In early 1914 when displaced by G-class destroyers she joined the 9th Destroyer Flotilla based at Chatham tendered to HMS St George. The 9th Flotilla was a patrol flotilla tasked with anti-submarine and counter-mining patrols in the Firth of Forth area.[10]

In August 1915 with the amalgamation of the 9th and 7th Flotillas she was deployed to the 7th Destroyer Flotilla based at the River Humber. She remained employed on the Humber patrol participating in counter-mining operations and anti-submarine patrols for the remainder of the war.[11]


On 27 March 1918 Kale was lost after striking a contact mine in the North Sea with the loss of 41 officers and men.[12] It seems she hit a British mine. David Hepper in British Warship Losses records: "The court martial enquiry was very critical of Commander Dennison [in command]. He had steered a course which was six miles east of the swept channel [i.e. swept for mines] and straight into a prohibited area which contained a defensive British minefield; details of the restricted zone had been promulgated several weeks earlier, but he had failed to read them or to see that the information provided was marked on the charts."[13]

Pennant numbers[edit]

Pennant number[12] From To
N45 6 December 1914 1 September 1915
D23 1 September 1915 1 January 1918
D47 1 January 1918 27 March 1918


  1. ^ Jane, Fred T. (1969) [1905]. Jane’s Fighting Ships 1905/6. New York: first published by Sampson Low Marston, London 1905, reprinted by ARCO Publishing Company. p. 75.
  2. ^ Jane, Fred T. (1990) [1919]. Jane’s Fighting Ships of World War I. Jane’s Publishing. p. 76. ISBN 1 85170 378 0.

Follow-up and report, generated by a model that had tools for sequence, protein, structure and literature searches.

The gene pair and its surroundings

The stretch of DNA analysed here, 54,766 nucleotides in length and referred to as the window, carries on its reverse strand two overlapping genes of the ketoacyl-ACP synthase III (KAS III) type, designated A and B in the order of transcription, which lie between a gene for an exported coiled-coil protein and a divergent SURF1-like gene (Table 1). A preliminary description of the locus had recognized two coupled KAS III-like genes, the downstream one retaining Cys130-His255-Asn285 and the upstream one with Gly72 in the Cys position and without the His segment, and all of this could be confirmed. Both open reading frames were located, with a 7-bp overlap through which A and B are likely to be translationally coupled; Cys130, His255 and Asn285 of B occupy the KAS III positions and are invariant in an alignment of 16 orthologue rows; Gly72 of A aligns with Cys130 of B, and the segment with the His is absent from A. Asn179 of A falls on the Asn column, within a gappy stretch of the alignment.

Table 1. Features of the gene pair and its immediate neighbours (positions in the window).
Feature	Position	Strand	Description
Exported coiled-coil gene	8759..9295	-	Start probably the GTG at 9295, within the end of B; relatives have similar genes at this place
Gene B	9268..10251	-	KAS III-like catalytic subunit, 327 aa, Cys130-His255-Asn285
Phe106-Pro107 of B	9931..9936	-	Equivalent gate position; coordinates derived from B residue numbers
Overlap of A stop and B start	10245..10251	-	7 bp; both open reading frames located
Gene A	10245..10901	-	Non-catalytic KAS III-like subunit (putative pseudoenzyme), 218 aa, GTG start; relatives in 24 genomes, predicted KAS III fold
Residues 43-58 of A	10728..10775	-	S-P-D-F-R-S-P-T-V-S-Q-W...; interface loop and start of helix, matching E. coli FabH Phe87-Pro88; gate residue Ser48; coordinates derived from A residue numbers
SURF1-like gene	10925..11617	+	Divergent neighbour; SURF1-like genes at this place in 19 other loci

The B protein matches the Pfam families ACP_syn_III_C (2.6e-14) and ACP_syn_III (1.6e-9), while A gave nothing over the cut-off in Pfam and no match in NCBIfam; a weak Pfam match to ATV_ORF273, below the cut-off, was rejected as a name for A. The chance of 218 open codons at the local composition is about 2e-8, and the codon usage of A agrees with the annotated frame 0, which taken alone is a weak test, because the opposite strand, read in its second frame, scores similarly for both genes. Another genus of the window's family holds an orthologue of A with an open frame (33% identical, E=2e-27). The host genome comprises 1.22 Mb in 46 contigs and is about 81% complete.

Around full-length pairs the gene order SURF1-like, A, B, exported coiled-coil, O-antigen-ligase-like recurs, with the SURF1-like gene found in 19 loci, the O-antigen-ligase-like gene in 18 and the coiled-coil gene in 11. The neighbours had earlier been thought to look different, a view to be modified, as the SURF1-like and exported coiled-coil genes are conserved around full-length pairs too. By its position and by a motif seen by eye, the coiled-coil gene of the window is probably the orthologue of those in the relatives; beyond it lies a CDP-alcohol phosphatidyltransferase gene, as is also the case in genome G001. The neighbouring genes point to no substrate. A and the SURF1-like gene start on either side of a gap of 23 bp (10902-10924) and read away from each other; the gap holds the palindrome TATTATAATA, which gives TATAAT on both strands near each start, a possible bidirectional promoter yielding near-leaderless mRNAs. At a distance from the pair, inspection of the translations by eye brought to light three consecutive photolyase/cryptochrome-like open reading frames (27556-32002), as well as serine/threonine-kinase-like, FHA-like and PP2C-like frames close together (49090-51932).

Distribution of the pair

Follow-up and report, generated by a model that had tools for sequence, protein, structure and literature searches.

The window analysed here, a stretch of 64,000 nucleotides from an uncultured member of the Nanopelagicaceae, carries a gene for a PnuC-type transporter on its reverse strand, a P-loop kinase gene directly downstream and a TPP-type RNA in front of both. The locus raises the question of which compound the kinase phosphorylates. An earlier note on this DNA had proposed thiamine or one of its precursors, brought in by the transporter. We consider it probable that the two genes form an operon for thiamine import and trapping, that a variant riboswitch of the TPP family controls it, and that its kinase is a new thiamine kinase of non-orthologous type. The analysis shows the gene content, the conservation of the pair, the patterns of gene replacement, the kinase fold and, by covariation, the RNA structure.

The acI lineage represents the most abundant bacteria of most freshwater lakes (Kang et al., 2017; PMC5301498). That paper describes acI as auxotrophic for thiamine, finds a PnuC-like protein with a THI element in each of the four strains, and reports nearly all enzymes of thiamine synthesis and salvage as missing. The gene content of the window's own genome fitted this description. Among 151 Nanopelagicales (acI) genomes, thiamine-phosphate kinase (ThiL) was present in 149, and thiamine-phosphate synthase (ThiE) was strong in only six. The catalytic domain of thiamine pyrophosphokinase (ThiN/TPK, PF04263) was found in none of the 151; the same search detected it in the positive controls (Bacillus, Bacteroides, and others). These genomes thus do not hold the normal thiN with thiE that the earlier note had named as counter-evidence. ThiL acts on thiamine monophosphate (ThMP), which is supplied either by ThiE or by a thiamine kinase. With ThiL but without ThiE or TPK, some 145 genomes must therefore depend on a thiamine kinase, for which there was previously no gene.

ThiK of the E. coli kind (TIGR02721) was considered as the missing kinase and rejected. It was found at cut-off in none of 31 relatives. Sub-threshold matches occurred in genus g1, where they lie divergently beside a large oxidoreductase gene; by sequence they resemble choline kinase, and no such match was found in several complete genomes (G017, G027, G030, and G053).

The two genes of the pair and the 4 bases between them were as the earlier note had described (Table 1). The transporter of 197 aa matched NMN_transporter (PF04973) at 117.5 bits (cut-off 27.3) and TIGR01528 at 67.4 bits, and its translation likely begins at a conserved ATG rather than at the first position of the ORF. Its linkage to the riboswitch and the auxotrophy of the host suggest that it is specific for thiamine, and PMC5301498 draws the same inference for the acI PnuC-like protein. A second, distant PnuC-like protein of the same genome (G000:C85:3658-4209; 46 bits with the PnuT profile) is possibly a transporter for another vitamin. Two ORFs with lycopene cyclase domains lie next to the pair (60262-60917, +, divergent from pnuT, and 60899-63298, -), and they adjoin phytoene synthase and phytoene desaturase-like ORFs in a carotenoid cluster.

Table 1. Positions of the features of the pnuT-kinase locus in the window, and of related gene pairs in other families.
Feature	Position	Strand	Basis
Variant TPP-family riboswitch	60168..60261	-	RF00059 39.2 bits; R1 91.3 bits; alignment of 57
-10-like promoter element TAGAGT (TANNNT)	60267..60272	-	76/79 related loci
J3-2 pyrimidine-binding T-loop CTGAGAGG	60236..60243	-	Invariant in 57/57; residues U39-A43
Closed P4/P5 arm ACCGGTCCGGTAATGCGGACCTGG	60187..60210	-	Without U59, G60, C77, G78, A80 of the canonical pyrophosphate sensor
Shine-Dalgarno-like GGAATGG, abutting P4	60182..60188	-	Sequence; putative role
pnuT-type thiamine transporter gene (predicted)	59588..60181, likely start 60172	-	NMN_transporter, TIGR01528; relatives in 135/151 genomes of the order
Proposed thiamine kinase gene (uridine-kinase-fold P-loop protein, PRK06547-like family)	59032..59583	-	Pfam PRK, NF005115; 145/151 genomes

3. ^ Conway’s All the World’s Fighting Ships 1906 to 1922. Conway Maritime Press. 2006 [1985]. pp. 17–19. ISBN 0 85177 245 5.
  4. ^ "Naval Matters—Past and Prospective: Chatham Dockyard". The Marine Engineer and Naval Architect. Vol. 35. October 1912. p. 83.
  5. ^ "Naval Matters—Past and Prospective: Chatham Dockyard". The Marine Engineer and Naval Architect. Vol. 35. December 1912. p. 164.
  6. ^ "Fleets and Squadrons at Home and Abroad: Patrol Flotillas". The Navy List: 269d. March 1913. Retrieved 12 December 2017.
  7. ^ "Fleets and Squadrons at Home and Abroad: Patrol Flotillas". The Navy List: 269d. August 1913. Retrieved 12 December 2017.
  8. ^ "Naval Matters—Past and Prospective: Pembroke Dockyard". The Marine Engineer and Naval Architect. Vol. 36. January 1914. p. 188.
  9. ^ "Naval Matters—Past and Prospective: Pembroke Dockyard". The Marine Engineer and Naval Architect. Vol. 36. July 1914. p. 461.
  10. ^ "Naval Database".
  11. ^ "History of the Great War, Naval Operations, Volume III, Spring 1915 to June 1916 (Part 1 of 2), by Sir Julian S Corbett, Chapter XIII, Loss of Argyll and Natal". Retrieved 1 Jun 2013.
  12. ^ a b ""Arrowsmith" List – Part 1 Destroyer Prototypes through "River" class". Retrieved 1 Jun 2013.
  13. ^ David J. Hepper (2006). British Warship Losses in the Ironclad Era: 1860-1919. CHATHAM PUB. pp. 125–126. ISBN 978-1-86176-273-3.
  • The British Destroyer by Captain T.D. Manning. Published by Godfrey Cave Associates. ISBN 0-906223-13-X.